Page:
@BananaP, I think I drank the same stuff and your description is spot on. There was a weird sweetness, though, too, like someone had squeezed a little soap into the dirty sock water.
I only just started shooting in RAW out of pure laziness and can't believe I didn't try it sooner
@Copperkettle218, any time someone tells me that they're going out for a romantic yet heavy dinner, I think of that Sex and the City episode when Charlotte and Harry go out for a multicourse French meal complete with a cheese cart and then both proceed to get explosive food poisoning later when they try to start up their sexy times.
I call most of my houseplants Steve and then insects that I think are too cute to kill -- but can't stay in my house -- Larry. Why those names? I have no idea. But they share the commonality of being about to die even though I feel bad about it; in the plants' case, it's in spite of my best efforts, and in the bugs', because I'm usually tossing them outside in frigid conditions.
I used run-of-the-mill, button Tims for this recipe and they were delicious. So now with the addition of fungi, I offcially anthropromorphize biological kingdoms. How am I single?
The product design company that I work at designed a really ass-kicking mandoline for Wusthof a few years back, but they had a falling out with the supplier who made it.
The supplier's brand ending up producing it, but I think without a big name backing it, it was doomed to obscurity and was discontinued.
It was engineered so that it rotated both the blade and the food-conveying surface. With those surfaces always completely parallel, it eliminated the torque that causes uneven slices.
Looking at the OXO up there, I now wonder if they sold that design to OXO because the mechanism looks like it might be the same one.
So pleased that you heeded our incessant whining about the dogs :-D
Now on to the incessant whining about cats, apparently! We demand cats! Woo!
Thanks for posting! This is something that I've been curious to learn more about but wouldn't want to google precisely because of PETA videos.
It's like you knew that I ate my body weight in meat over the holidays. Get out of my head!
I stole a good one from Avec in Chicago: freekeh, roasted cauliflower, parsley (arugula is good, too), thinly sliced radish, green olives (those super bright green ones are ideal), and orange supremes. They used a tahini sauce, but I subbed in Annie's goddess dressing because tahini is the main flavor and it's faster.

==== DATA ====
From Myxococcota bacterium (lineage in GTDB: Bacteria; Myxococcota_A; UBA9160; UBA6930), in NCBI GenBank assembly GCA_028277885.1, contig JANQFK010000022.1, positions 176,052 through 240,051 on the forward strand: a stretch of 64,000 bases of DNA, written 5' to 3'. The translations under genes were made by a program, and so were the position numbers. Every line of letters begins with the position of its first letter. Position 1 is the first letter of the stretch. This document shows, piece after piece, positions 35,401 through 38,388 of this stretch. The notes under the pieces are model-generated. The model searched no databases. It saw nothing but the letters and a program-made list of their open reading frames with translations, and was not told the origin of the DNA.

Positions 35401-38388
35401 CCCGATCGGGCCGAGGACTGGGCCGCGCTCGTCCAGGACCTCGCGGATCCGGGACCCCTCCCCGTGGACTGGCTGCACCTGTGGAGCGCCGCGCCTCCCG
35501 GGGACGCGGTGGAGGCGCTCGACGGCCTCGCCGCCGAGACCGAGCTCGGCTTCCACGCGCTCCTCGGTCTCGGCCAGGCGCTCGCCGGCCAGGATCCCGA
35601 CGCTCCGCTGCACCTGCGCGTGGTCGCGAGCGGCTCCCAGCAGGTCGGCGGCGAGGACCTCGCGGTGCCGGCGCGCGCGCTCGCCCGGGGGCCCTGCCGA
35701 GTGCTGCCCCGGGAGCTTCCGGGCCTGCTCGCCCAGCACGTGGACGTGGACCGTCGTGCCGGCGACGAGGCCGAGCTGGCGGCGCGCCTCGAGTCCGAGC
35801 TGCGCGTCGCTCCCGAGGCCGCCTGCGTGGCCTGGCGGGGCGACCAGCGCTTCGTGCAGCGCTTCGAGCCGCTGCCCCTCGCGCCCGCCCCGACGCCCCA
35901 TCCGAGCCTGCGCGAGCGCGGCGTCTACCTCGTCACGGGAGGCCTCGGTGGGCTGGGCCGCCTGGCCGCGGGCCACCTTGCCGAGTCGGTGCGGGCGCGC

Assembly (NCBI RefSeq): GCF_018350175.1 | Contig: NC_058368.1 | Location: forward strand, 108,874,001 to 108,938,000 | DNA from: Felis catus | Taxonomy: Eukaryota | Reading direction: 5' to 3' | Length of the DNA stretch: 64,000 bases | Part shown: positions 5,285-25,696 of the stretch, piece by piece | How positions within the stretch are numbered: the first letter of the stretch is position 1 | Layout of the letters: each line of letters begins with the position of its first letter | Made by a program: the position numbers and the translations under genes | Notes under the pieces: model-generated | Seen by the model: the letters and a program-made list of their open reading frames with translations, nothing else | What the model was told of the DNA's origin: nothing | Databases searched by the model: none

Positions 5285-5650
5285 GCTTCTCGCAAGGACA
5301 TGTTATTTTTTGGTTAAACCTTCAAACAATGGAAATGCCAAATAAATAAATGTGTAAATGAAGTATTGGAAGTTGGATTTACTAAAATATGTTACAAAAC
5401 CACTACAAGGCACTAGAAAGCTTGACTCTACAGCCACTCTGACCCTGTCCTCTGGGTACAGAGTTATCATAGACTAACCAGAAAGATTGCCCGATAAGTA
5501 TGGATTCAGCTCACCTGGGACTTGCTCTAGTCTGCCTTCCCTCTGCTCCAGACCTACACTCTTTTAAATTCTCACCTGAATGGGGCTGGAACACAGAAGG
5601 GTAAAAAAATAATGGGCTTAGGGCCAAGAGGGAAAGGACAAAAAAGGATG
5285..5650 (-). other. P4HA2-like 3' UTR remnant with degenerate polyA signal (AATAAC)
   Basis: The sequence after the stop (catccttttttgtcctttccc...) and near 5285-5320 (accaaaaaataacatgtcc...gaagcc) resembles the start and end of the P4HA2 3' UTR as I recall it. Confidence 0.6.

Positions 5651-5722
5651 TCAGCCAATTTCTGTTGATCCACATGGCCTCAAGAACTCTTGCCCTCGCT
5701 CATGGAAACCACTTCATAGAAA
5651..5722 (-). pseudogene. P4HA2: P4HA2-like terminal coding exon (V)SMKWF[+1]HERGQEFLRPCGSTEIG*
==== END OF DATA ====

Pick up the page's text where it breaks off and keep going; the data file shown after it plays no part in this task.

@VeganWithaYoYo, cool video
Daniel, it would be helpful to see videos of peeler techniques since photos don't really capture it -- for both kinds of peelers since the debate is clearly far from settled -- particularly because a search for vegetable peeler technique videos churns this up: http://www.seriouseats.com/2010/05/video-how-to-use-a-y-shaped-vegetable-peeler-like-a-pencil.html
And frankly, that makes far more sense than any of the other points listed above... however, it doesn't look like it would be comfortable with those hard plastic handles on the cheap peelers, and shelling out for a cushy OXO one seems counter to the appeal of the cheap Y peelers. Hmm. And so my confusion about the appeal continues.
Responding to feedback is tricky because it's essentially design by committee. It'll always be a balancing act of deciding what sounds like a good insight and what's just a highly personal nitpick.
Haha that was my comment. It does look like a more natural fit for the more spherical fruit.
But for the long items, I still don't get the ergonomics of it at all (and since I really don't ever peel fruit, it explains my bafflement). It still strikes me as counter to the sweeping movement you need for those items.
I'm guessing that the cheapness is the reason for pros' attachment. They go through em fast, so they don't want to spend a lot, they get used to moving quickly with this shape, and that's that. Mystery solved :)
There just isn't room for soup with all the other things we always have on the big day, but these sound great and I'm definitely bookmarking this page.